Lastly you need snippers.. These will do https://www.amazon.co.uk/Amtech-R0278-Curved-Micro-Scissor/dp/B00LQPZ170/ref=sr_1_3?dchild=1&keywords=curved+Micro+scissors&qid=1603532202&sr=8-3 or something like them - whilst keeping some tension and stretch on the thread cut as close to the "joint" as possible.  yo can use a fresh scalpel blade but the scissors are altogether better

Lastly it's worth getting a second "weight"/thickness of thread to add variety throughout the rigging.  For practical exampleos of all of the above, particularly using Bob's Buckels check out my HMS Kent Blog - you'll see how comparatively easy it was to do complicated Funnel stays by first having good anchor points

Sorry this is so long - and that's it from me - all my knowledge small as it is.  Seeing what some of the WW1ers achieve is mind boggling!!!

Best 

Rob

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49 minutes ago, robgizlu said:

Hi Luke - since no-one else has picked this up I'll have ago.

Lovely, lovely build BTW.

It's probably too late now but it's worth thinking about usinig https://www.bobsbuckles.co.uk/ Bob's buckles that are tiny loops that you place in pre- drilled holes.  The WW1 boys use us them for Biplane rigging but they translate perfectly to ship modelling.  Threading your infini line through them probably requires an optivisor but it's a secure means of anchoring your line.  Working with Infini or Uschi /Mig ammo etc lycra threads has made rigging so much easier because it's elastic and will adhere to CA (superglue) comparatively easily.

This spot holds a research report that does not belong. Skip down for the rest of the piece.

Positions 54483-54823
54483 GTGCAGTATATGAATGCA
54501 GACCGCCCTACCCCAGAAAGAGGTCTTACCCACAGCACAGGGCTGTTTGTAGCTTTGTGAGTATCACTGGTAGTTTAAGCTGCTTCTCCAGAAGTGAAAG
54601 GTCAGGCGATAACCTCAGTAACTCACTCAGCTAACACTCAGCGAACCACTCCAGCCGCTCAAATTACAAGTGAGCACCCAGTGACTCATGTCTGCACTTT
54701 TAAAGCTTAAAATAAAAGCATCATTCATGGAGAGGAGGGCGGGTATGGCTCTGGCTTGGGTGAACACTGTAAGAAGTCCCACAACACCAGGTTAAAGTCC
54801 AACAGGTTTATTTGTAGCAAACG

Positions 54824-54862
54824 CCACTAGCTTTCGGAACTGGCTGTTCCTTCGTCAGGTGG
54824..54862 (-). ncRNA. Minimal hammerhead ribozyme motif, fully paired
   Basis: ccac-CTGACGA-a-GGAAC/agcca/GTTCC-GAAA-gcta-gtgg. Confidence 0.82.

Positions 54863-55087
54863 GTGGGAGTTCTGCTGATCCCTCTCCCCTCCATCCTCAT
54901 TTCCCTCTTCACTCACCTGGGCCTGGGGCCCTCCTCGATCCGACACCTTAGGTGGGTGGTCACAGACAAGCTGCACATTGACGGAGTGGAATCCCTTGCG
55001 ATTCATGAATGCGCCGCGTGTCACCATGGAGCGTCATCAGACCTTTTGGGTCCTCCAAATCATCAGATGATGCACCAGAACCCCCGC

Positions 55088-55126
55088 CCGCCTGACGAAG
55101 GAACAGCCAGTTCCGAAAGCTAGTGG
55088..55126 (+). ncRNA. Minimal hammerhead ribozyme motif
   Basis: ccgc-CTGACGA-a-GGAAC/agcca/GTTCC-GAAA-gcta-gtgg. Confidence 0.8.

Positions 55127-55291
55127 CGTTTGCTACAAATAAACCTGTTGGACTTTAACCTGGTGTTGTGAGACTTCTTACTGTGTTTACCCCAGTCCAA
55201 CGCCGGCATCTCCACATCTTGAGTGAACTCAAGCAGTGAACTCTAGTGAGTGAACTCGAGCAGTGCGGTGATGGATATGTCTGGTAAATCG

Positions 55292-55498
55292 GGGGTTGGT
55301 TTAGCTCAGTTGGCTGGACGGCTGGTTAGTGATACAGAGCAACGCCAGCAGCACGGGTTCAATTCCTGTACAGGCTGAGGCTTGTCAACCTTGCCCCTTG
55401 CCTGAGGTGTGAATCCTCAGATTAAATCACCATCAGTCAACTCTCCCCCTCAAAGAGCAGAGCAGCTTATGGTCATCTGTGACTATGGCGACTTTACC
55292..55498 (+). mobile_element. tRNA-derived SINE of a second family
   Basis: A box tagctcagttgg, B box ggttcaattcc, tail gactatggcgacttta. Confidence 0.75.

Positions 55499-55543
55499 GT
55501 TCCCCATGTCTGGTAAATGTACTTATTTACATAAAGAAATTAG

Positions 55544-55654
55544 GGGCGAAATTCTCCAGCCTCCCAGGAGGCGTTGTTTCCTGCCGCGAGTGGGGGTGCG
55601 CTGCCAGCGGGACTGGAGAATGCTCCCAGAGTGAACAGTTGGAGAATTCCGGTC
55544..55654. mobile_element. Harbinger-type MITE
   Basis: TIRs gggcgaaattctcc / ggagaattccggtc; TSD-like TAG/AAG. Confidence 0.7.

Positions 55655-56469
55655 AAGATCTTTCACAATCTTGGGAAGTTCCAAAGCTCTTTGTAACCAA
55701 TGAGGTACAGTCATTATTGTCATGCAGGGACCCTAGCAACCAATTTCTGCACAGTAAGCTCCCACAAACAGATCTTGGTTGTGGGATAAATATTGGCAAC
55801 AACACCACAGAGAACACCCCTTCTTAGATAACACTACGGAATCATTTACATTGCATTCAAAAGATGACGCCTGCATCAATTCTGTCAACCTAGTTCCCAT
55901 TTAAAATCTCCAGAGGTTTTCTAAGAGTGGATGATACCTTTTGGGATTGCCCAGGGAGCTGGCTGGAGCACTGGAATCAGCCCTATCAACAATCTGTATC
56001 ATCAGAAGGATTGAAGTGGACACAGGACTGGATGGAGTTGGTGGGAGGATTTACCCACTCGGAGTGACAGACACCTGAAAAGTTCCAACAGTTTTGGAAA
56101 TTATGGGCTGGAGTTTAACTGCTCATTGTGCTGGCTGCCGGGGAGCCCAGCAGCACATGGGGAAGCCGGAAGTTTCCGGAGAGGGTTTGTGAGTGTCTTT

I use Loctite "Powerflex" Gel which is a lot easier to apply than the liquid variety.  You can use a cocktail stick to "place" the glue but a far superior method is to buy some acupuncture needles https://www.ebay.co.uk/itm/Altra-Plastic-Handle-Acupuncture-Needles-0-20-x-30mm/293638374266?hash=item445e36037a:g:CyQAAOSwyotfAwKS that make the placement sooooo much more precise.  One box will last forever.  I cut the end off ONE so that t's blunted and that delivers a slighlty larger "Glob".

 

The secret is to bring the thread to the glue and if possible allow it to touch end on ONLY once.  (easier said than done!)  Get some good quality tweezers, you cant go wrong with this ..."PIXNOR Precision Tweezers Set - 10 PCS ESD Tweezer Set, Anti-Static Stainless Steel Tweezers Kit Curved Tweezers for Craft, Jewelry, Electronics, Laboratory Work"   from Amazon (thanks to Crisp @Ex-FAAWAFU)  Put a little tension in the line but NOT a lot (It's VERY stretchy).  When one end is attached take it to the "insertion" (bit of anatomy training coming out here) point and attach end-on under minimal tension. If you can whilst it's touched move close and breathe out on it forcibly - the Glue bonds quicker under moisture.  Where attachment is really problematic you can use a CA accelerator that really needs a third hand/person to gently "touch" the joit with cocktail stick or Accu needle dipped in the accelerator.  If the atachment doesn't work first time, it's worth lopping a small piece of the end of the lycra thread because it sticks LESS well if it's already got CA glue on it.